Directed by Jon Wright
When a meteorite crashes into the ocean next to the Irish locale of Erin Island, bloodsucking tentacled creatures are unleashed on the surrounding population. Ferrying into town at the same time is starry-eyed temporary stand-in Garda officer Lisa Nolan (Bradley), whose arrival proves an irritant to long-time local lawman (and alcoholic) Garda Ciaran O’Shea (a surprisingly spritely Coyle).
After a pod of mutilated whales are washed ashore on the island, British local scientist Dr. Adam Smith ("Being Human" UK’s Russell Tovey) announces that the animals were actually killed at sea, with their carcasses simply having been naturally pushed ashore by the tides. At the same time, resident drunkard Paddy manages to capture one of the creatures and, after an altercation with the hungry beast, presents it to Smith. Before long, the townsfolk are disappearing, and O’Shea and co. discover the creatures’ one weakness – alcohol is poisonous to them.
With a massive storm rolling in, the officers and scientist are forced to step up and protect their isolated community against the ever-increasing number of alien monsters. In the greatest of Irish traditions, this of course means one thing – a lock-in at the local pub! Everyone must get as drunk as possible in order to survive and fight back against the ravenous horde, but when Daddy monster shows up, an abundance of Dutch courage and loosened judgement may prove just as dangerous as it is beneficial in the circumstances!
From the off, Grabbers is a rollicking, 80s-style throwback with an emphasis on fun. Director Jon Wright wears his influences on his sleeve and knows his stuff well enough to please any fan of the era’s monster flicks as he echoes the tone of classics such as Critters, Critters 2 and Killer Klowns from Outer Space. The characters are key, and each and every one of them is well drawn and eminently likable. O’Shea’s disdain for his unwelcome new partner leads to many a chucklesome situation, as does Dr. Smith’s incessant flirting with the attractive new officer.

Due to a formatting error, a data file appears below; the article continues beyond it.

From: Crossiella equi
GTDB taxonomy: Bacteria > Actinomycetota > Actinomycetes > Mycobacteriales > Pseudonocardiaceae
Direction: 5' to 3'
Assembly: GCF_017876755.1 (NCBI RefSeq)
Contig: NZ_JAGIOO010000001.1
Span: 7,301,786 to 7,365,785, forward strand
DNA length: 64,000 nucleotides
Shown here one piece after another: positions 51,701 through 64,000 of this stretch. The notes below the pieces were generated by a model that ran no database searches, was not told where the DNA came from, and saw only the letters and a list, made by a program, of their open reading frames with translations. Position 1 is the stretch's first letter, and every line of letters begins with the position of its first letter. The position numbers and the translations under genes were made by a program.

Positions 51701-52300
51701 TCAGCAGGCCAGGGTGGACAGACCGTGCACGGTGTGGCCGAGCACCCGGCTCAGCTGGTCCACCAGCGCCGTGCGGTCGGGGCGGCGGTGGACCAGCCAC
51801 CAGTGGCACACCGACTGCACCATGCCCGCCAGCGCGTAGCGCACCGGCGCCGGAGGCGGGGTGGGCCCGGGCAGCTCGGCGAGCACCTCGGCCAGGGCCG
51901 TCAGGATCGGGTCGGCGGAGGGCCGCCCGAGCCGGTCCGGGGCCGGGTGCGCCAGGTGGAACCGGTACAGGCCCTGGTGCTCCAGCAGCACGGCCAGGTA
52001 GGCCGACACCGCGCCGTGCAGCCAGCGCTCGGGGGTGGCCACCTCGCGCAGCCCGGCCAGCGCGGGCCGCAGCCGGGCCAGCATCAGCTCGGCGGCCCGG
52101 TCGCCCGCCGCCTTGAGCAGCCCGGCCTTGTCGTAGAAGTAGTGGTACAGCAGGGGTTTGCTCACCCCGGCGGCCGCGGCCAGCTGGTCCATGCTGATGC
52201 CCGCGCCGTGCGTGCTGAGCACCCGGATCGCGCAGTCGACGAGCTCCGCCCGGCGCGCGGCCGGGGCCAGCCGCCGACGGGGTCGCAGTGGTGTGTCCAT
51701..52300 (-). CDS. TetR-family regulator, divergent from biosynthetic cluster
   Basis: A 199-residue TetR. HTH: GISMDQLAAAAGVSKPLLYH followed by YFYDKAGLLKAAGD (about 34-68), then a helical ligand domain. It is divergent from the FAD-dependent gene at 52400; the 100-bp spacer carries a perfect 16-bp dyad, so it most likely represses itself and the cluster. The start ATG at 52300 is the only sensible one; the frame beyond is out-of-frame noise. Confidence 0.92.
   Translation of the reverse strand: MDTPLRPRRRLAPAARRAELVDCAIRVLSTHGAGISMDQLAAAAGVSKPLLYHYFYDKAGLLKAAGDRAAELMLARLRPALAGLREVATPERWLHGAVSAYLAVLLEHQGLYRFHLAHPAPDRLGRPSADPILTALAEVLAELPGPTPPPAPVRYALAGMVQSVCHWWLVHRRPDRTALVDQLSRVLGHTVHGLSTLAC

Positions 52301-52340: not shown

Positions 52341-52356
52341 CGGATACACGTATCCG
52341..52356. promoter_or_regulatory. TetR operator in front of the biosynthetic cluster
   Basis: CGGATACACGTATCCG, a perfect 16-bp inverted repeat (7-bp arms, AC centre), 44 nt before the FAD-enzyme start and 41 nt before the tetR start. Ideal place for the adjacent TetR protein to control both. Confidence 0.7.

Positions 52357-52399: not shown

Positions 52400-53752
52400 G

Similarly excellent are David Pearse and Bronagh Gallagher as the husband and wife pub landlords Paddy and Una Maher. Kevin Lehane’s script is sharp and smart, with well-placed comedic dialogue interspersed throughout and a well constructed (if somewhat overlong) build-up to the monster reveal and climactic battle.
The creature design in Grabbers is pleasantly original, and the CGI beasties are well placed and excellently animated. On a low budget, they’re still obviously CGI, but as an audience we get a nice mix of baby, mid-sized, and fully grown adult monsters to enjoy, with a particular scene involving a bar full of baby creatures being amusingly reminiscent of Dante’s Gremlins.
The most crucial element for the success of Grabbers, inherent in the very plot and key to the entire exercise, is the cast’s ability to convincingly act drunk. There’s little more distracting and unsatisfying on screen than an actor attempting to play drunk and failing miserably. Being such a huge element of Wright’s film, this is critical, and thankfully the players here knock it out of the park. Most impressive is lead Bradley, whose delightful facial expressions and twinkling eyes will leave a constant smile on your face. Similarly, Tovey’s drunken confrontation with the fully grown male creature is pure genius.
Grabbers isn’t a perfect flick, suffering from some pacing issues (and American audiences will likely need to brush up on their accents or risk missing some chunks of the drunkenly slurred dialogue), but it is one hell of a good time that offers plenty of laughs, excellent characters and performances, and big slimy monsters. Here we have little more than a super-entertaining monster romp that any fan of 80s creature-features will gobble up... and sometimes that’s all you need. Go get grabbed!
4 out of 5